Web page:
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The World’s Most Dangerous Commute

Friday, January 11, 2013

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Tired of fighting traffic on your way to work?

Try free-climbing to your job. More than 1,700 feet in the air. Without safety lines.

That's the harrowing experience captured in "The scariest video you have ever watched in the name of science," posted by TheOnlineEngineer.org, which offers nuts-and-bolts video tutorials by broadcast engineer Russ Brown.

theonlineengineer.org

The worker free climbs, hooking into the tower only occasionally to take a break.

The video depicts a transmission tower maintenance worker scaling a 1,768-foot-high (.33 miles) vertical guided tower. The worker navigates the metal scaffolding while tethered to 30 pounds of tools.

"It's a lot like a space walk, where you have to remember to bring everything you need, because it's a long way down," the narrator explains.

No Safety Lines

The climbing is done without safety lines.

"It's easier, it's faster, and most tower workers climb this way," the narrator reports. "Free climbing is more dangerous, of course, but [Occupational Safety and Health Administration] rules do allow for it. Attaching, climbing, attaching and removing safety lines every few feet slows progress and is tiring."

Tower comparison

The worker in the video does secure himself to the tower for an occasional break.

For the last 60 feet of the journey, a climbing partner holds the worker's tool bag to keep it from swinging and knocking him off balance.

"The tricky part," the narrator notes, is getting on top of the tower, where a 55-mile view to the horizon awaits—and the job can begin.

'The Most Dangerous Job in America'
 
Tower climbing has come under increasing scrutiny in the last year as more of these workers have perished in catastrophic falls.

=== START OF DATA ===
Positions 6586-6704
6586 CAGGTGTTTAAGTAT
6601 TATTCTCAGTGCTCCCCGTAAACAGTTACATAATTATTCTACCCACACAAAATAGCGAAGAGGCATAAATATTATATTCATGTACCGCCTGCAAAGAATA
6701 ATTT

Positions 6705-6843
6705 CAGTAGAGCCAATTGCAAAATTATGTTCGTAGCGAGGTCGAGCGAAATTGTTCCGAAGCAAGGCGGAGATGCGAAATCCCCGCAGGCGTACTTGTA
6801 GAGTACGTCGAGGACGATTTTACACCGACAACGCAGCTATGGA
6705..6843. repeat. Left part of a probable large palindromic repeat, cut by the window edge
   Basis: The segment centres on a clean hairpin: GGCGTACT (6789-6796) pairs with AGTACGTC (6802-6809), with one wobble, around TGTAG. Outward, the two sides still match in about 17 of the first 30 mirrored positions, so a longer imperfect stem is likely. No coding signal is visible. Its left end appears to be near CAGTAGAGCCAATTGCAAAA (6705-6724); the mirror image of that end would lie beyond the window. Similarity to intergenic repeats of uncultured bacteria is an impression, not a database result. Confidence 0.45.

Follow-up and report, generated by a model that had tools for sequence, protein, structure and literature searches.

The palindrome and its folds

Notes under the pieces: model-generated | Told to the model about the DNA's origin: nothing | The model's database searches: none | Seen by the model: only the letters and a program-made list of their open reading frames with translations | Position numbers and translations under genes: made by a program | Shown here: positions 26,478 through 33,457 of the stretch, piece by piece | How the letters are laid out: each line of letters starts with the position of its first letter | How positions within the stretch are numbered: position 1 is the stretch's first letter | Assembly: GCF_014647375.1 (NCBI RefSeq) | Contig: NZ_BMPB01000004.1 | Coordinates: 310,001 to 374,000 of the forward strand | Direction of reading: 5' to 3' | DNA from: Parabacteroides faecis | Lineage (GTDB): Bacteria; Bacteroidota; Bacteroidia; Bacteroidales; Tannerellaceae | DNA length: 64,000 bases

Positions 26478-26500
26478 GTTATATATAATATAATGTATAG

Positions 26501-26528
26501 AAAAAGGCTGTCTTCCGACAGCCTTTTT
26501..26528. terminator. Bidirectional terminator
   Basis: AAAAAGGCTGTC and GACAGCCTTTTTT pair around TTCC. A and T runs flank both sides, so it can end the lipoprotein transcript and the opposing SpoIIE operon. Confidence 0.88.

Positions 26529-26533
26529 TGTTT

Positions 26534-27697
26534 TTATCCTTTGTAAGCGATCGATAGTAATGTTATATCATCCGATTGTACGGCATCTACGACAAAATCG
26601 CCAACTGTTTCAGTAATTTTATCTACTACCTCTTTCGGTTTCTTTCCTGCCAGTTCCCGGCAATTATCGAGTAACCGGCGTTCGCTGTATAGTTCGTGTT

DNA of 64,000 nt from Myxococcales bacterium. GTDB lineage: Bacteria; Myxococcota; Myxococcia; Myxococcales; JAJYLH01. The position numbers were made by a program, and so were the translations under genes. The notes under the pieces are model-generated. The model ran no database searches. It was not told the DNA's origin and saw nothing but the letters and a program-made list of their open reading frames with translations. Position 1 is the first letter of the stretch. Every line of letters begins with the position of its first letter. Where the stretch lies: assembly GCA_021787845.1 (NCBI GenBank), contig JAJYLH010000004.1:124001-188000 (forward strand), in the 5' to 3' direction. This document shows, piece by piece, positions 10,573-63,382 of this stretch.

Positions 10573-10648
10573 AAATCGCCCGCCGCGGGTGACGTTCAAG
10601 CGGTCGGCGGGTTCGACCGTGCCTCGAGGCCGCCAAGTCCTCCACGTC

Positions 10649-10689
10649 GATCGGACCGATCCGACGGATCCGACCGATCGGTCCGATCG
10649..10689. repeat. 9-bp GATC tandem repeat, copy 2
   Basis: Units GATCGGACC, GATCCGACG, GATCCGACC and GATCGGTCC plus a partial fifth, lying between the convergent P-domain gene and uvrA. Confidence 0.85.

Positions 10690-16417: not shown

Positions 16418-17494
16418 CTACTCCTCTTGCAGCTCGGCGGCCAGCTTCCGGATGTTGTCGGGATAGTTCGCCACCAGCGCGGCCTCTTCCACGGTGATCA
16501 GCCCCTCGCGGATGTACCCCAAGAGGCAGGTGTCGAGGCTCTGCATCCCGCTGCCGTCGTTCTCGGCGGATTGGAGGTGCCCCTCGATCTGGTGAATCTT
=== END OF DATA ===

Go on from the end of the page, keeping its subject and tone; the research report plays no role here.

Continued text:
In May 2012, PBS's Frontline documented what it called "the hidden cost of the smartphone revolution" in Cell Tower Deaths.
 
Frontline

Jay Guilford, 25, a maintenance subcontractor, was killed in a fall from a cell tower.

One month later, The Daily Kos followed up with "The Killing Towers of the US Telecom Industry," which elaborated on the toll from what a former OSHA director once called “the most dangerous job in America.”

The death rate for tower climbers is about 10 times that of construction workers, the reports say. Most climbers earn $10 or $11 an hour working for subcontractors, not directly for telecom companies.

Said one climber: “People have no idea what we go through on a day to day basis to give them that service when they hold their cell phones.”

Editor's Note: PaintSquare News asked OSHA to review the video and address whether the activity complies with the agency's standards. OSHA's response, issued Feb. 1, is available here.

   

Tagged categories: Accidents; Fall protection; Fatalities; Health and safety; Maintenance programs; OSHA; Transmission Towers

Comment from Brad Wilder, (1/11/2013, 2:21 PM)

This video has been making its way around the internet for a few years now. OSHA rules certainly DO NOT allow for free climbing. The video narration is incorrect, as has been discussed at length on other industry websites. See here for one example: http://www.wirelessestimator.com/t_content.cfm?pagename=Tower%20Worker%20Video.


Comment from Mary Chollet, (2/3/2013, 3:15 PM)

Brad, we've been asking OSHA to weigh in on this video for weeks. We just received the agency's response and added it to the story. Thanks!


Comment from Tom Schwerdt, (2/5/2013, 8:59 AM)

The OSHA response isn't exactly clear. Perhaps a more direct question to OSHA would be helpful, something like: "Is free climbing telecommunication towers allowed under OSHA standards?" or "What OSHA violations are seen in the linked video?" For general construction, free climbing of ladders is typically allowed. Separate comment: The "Time for a break" points look pretty dumb. There is almost nothing keeping that hook from flipping off the end of the climbing cleat if he were to slip. I see what look like sturdy galvanized steel flanges with holes within a few feet of each break point.


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